Sunday, June 4: Lay in camp on guard all day.  Seen Bill Terrill?  Nothing very new, expect to move tomorrow.  Had orders to move today but it was countermanded.

Monday, June 5: Got up early, marched down to town, got on the cars rode to within 10 mile of Baltimore, then to Harpers Ferry.  Was treated to some soft bread by the citizens.  Passed pretty town.  Fun with the girls.

Tuesday, June 6: Got up, found ourselves in a town, made coffee.  Started on, went through Cumberland, got some coffee noon.  Passed through several pretty towns & seen pretty girls.  Passed up the Alleghany range of Md. crossed into Va. from Md.

Wednesday, June 7: Got up, found ourselves at Grafton.  Rode to Parkersburg.  Got off the cars and camped for the night.  Went down to the river and had a swim.  Passed through 3 tunnels this trip.

Thursday, June 8: Marched to the river, got aboard the Steamer America, rode 20 mile, then landed.  Then took the Steamer Melnath, rode until night.  Come up a storm.  Went ashore, staid all night.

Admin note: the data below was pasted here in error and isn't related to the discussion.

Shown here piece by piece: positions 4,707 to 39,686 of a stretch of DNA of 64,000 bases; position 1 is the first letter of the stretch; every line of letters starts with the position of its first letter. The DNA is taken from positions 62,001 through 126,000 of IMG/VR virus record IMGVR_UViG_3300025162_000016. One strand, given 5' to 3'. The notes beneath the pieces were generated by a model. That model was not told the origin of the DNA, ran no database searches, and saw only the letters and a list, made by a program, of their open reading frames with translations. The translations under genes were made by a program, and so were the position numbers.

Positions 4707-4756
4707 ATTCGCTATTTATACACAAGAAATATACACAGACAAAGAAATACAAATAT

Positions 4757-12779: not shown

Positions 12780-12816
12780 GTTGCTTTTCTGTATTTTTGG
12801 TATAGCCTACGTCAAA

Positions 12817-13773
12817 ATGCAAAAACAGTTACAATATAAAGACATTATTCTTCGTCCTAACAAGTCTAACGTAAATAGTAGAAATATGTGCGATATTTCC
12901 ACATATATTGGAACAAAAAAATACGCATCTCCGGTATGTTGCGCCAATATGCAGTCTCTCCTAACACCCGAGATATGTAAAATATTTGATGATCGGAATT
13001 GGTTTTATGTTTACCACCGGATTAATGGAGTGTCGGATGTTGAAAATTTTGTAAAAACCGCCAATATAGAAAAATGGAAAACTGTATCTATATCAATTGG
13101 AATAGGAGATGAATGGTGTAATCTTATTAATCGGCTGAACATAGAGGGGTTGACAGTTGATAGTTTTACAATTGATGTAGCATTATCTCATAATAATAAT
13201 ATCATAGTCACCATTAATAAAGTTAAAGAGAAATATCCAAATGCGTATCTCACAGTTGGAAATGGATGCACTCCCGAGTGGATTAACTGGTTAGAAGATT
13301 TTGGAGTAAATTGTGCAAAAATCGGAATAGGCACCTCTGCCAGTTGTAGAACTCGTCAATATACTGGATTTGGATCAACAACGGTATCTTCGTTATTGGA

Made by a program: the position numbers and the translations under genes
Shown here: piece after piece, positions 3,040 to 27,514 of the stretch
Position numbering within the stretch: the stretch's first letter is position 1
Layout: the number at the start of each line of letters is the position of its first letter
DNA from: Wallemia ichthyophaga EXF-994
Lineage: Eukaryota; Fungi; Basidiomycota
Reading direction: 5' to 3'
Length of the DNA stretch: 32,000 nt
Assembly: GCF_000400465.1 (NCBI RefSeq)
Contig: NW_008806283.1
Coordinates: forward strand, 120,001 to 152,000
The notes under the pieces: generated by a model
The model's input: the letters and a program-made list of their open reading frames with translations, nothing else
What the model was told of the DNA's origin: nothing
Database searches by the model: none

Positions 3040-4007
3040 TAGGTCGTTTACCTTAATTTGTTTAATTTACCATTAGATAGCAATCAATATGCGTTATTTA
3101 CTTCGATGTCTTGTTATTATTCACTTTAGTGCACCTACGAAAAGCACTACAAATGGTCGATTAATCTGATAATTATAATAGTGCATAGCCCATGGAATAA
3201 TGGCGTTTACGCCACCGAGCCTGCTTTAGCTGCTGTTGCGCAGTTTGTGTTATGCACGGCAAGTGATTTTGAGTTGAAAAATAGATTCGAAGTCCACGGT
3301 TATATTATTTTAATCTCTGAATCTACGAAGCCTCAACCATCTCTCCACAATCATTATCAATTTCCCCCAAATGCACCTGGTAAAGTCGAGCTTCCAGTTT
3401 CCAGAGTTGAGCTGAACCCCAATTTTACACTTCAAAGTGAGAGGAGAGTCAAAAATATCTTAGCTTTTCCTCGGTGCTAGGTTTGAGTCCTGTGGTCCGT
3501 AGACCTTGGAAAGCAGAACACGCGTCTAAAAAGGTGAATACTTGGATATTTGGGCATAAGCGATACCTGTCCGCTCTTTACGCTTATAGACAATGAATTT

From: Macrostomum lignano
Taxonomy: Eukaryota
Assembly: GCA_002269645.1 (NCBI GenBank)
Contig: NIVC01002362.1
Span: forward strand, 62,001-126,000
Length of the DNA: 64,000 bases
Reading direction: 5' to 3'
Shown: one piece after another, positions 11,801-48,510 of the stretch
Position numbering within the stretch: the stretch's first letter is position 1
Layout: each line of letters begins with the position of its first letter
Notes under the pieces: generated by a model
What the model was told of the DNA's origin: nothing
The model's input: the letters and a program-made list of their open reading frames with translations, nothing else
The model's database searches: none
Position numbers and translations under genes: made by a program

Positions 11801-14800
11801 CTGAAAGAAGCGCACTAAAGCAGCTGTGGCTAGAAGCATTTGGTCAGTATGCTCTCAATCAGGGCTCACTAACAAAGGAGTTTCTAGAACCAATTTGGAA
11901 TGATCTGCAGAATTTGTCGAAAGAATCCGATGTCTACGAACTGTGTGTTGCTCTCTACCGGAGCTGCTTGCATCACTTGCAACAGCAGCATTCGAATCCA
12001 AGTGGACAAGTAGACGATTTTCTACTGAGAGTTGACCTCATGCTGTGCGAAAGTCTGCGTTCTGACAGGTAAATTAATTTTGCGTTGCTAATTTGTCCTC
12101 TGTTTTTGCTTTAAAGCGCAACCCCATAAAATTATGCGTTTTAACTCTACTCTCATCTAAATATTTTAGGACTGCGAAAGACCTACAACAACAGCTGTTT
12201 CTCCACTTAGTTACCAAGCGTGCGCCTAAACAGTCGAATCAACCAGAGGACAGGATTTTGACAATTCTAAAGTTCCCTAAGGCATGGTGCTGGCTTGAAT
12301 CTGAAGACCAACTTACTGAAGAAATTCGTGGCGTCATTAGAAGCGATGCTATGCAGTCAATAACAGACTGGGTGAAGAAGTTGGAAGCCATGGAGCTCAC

Friday, June 9: Got up, found ourselves on the move.  Passed several towns, Calhoun, Hanging Rock, Ohio.  Then some nice ones? in Ky.  Lots of folks on shore, nice towns.  On guard.  Having a nice ride.

Saturday, June 10: Got up, found ourselves lying in the middle of the river at Cincinnati.  Soon started, passed several nice flourishing towns, arrived at Louisville at 5 p.m.  Marched out 6 mile to Camp.  Rained.

Sunday, June 11: Got up, moved into camp and fixed it up.  Went down to the river and to church at night.  Very warm in the middle of the day.

Monday, June 12: Got up, lay around camp, nothing new going on.  Went to the river a time or two.  Mail come but none for me.  Will’s birthday.  [Ed: His brother, William Thornton Musson born June 12, 1836 in Morgan County, Illinois.)